Thailand’s New LPD: Singapore’s ST Wins Contract for Ship, Landing Craft
In November 2008, ST Engineering subsidiary Singapore Technologies Marine Ltd (ST Marine), reported that they had “secured a contract in a basket of currencies amounting to about S$200m” (about $135 million) to design and build a 141 meter Landing Platform Dock (LPD) amphibious assault ship, along with ancillary vessels: a pair of 23m Landing Craft Mechanized (LCM) that can transport heavy equipment like tanks from the ship’s well deck to the shore, and a pair of smaller 13m Landing Craft Vehicle and Personnel (LCVP) for people and small wheeled vehicles. That customer turned out to be the Thai Navy, which floated an RFP for an LPD-type ship in April 2008.
ST Eng lists their ship design as an “LST” (Landing Ship Tank) on their site, but the Endurance Class does not beach itself. The label LPD is more appropriate for these 6,500 – 8,000 ton vessels, which cost less than 1/10th as much as the USA’s 25,000 ton LPD-17 Class. Now, the ship has been delivered:
Thailand’s Endurance Class LPD
Amphibious ships have important non-military uses in this region, where monsoon floods and tsunamis frequently produce disaster situations that require their ability to arrive by sea instead of by submerged or destroyed roads, to land supplies and bring people from the near-shore area, and to carry vehicles and helicopters to help inland. Like most LPDs, the ship includes onboard medical and dental facilities.
Compared to other LPDs, Singapore’s Endurance Class packs an offensive punch. A 76mm Oto Melara naval gun is a lot more than most other LPDs carry. It can be used against ships or aerial threats, and effectively gives the ships a secondary role as patrol vessels. A pair of remotely-operated 30mm guns give them added firepower against small boats and slow aerial targets. They’re a bit light on air defense, though, with only a pair of Simbad twin-launchers for MBDA’s very short range Mistral missiles. That’s normal for a small amphibious ship like this, and the entire array actually stacks up well against much larger ships like France’s Mistral Class (21,300t) and Australia’s Canberra Class (27,500t) LHDs.
Thailand’s LPD will use Terma’s C-Flex combat and C2 system. It’s tied to Terma’s SCANTER 4100 air and surface surveillance radar, to Terma’s C-Fire EO Director for day/night camera surveillance and laser rangefinding, and to a IFF(Identification, Friend or Foe) system. The system can engage a surface and an air target simultaneously, but under limited circumstances: it uses the radar for tracking the surface target, and the EO Director for tracking the air target. The Mistral missiles will provide some independent capability there.
The ship’s crew will be about 150, and it can reportedly carry up to 360 troops, 18 tanks, 20 vehicles, and bulk cargo. A pair of 25t deck cranes help with loading and unloading, and vehicles up to 60 short tons can be driven off through a bow door or ramp. If port facilities aren’t available of sufficient, offloading will use the well deck’s 2 LCM/FCU 23m and 4 LVCP/FCEU 13m landing craft. That well deck area could also be used to launch fast boats and boarding parties, depending on the mission. Thailand’s order of just 2 FCEUs suggest that RHIBs or other fast boats will be part of the ship’s normal complement.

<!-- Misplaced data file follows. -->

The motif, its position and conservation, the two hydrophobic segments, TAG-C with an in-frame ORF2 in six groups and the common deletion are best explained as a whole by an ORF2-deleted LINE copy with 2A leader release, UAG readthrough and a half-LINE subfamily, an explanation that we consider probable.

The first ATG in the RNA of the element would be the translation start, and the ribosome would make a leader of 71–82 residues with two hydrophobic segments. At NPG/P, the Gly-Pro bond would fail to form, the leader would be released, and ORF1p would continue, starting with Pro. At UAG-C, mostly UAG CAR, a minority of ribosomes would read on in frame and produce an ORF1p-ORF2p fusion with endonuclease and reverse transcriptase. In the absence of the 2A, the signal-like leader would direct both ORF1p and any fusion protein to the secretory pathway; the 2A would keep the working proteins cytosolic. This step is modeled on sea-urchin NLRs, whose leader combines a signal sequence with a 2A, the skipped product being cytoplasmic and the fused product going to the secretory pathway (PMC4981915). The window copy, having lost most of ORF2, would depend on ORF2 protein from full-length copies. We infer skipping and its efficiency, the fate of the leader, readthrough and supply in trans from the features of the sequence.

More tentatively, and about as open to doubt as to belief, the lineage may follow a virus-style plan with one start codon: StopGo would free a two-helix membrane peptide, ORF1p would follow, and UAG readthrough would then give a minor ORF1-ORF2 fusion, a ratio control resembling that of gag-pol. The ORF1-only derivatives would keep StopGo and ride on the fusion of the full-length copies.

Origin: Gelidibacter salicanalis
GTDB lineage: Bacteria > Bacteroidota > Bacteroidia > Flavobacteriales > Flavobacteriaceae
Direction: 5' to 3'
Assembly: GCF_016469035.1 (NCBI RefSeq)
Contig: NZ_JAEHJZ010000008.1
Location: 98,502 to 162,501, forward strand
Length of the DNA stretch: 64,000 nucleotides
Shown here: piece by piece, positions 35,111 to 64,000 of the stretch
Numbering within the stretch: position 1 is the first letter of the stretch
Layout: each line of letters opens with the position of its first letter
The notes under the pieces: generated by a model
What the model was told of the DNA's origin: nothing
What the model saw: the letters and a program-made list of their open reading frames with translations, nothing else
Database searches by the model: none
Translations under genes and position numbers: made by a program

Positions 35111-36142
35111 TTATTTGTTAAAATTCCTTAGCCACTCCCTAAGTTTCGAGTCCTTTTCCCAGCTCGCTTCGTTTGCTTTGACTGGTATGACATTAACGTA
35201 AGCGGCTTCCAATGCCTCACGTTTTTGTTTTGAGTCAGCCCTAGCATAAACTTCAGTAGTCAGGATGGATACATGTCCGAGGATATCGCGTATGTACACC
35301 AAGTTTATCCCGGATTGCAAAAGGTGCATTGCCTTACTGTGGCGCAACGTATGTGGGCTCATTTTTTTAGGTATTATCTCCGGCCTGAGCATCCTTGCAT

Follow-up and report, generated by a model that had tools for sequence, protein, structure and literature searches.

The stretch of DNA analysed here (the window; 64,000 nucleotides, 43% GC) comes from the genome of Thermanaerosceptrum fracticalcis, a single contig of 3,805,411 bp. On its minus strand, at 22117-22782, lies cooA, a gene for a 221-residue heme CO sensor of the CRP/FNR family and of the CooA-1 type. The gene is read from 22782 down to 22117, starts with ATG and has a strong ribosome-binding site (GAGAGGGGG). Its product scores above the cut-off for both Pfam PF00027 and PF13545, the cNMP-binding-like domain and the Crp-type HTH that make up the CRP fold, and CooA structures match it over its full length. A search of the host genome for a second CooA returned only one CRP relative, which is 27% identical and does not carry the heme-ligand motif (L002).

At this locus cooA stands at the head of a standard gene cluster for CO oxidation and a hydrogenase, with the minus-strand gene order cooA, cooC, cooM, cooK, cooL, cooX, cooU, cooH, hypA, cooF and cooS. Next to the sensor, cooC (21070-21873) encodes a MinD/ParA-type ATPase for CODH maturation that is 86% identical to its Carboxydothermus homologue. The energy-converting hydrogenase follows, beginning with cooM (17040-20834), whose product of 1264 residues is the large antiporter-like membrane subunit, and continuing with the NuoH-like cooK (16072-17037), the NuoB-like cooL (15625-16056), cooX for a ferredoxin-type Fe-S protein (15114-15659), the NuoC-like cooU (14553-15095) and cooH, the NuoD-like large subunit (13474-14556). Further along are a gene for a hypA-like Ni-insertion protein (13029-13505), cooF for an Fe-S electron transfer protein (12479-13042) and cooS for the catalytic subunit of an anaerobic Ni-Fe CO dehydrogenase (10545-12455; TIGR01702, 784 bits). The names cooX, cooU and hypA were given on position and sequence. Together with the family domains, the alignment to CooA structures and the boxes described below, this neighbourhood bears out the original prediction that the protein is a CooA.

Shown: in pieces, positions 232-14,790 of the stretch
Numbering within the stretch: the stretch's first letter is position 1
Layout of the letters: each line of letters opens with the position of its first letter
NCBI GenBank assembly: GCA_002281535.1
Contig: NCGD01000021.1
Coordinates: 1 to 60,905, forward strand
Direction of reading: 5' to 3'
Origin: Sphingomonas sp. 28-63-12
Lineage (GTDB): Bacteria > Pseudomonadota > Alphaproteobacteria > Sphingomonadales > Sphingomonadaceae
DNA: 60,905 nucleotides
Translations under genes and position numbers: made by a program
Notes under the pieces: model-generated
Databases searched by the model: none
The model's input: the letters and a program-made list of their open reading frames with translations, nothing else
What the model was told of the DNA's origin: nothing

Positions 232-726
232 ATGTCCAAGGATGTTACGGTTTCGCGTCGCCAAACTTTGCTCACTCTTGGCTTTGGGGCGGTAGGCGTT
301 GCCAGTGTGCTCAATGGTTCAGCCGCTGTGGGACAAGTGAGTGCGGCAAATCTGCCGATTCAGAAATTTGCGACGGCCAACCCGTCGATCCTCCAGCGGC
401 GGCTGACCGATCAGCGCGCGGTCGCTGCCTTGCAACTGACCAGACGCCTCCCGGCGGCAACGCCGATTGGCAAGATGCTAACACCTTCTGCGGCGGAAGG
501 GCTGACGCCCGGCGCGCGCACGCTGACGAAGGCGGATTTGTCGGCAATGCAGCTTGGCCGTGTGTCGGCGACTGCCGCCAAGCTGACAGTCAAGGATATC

Contracts & Key Events
“It will be deployed during the US-Thai Cooperation Afloat Readiness and Training (Carat) exercise next month and on a peace-keeping mission together with [the Chinese-built] HTMS Similan to tackle Somali pirates [in 2013]… According to Adm Kanat, HTMS Ang Thong is also suitable for rescue missions because it has a sick bay, a minor operation room and a dentist room… The navy needs more landing ships, of this type he said. It has decommissioned five old auxiliary vessels and HTMS Ang Thong is the only replacement so far. The navy plans to order more ships of the same type.”
March 20/11: Launch. The (now offline) YouTube video of the HTMS Ang Thong launch had this text caption:
“On 20th March 2011, Royal Thai Navy’s LPD-791 has already released to sea at ST Marine Singapore dockyard. This vessel has displacement around 7600 tons. RTN would like to use this vessel with AAV and MH-60S in marine mission. This LPD can transport 19 AAVs or 15 Trucks/Trailers , 2 LCVP and 2-4 SH-60B/MH-60S or 1 CH-47.”
Note that launch is not the same as delivery, which requires more integration and then acceptance trials.
Sept 10/09: Combat suite. Terma announces that its C-series combat system and combat management system (C-Flex, C-Search and C-Fire) will arm Thailand’s new LPD.
C-Flex is the combat management system and central node for the C-series. C-Search is a radar and sensor suite, which will be tied to a Terma SCANTER 4100 air and surface surveillance radar, and an IFF(Identification, Friend or Foe) system. C-Fire is the fire control system, which will handle the ship’s 76 mm main gun and 2 x 30 mm remotely operated guns. C-Fire’s Electro Optical (EO) Director has an inbuilt thermal imager, a TV camera, and an eye-safe laser range finder.
Nov 11/08: Order. Singapore’s ST Engineering announces the contract. Construction is scheduled to begin in mid 2009, and delivery is planned for in the second half of 2012.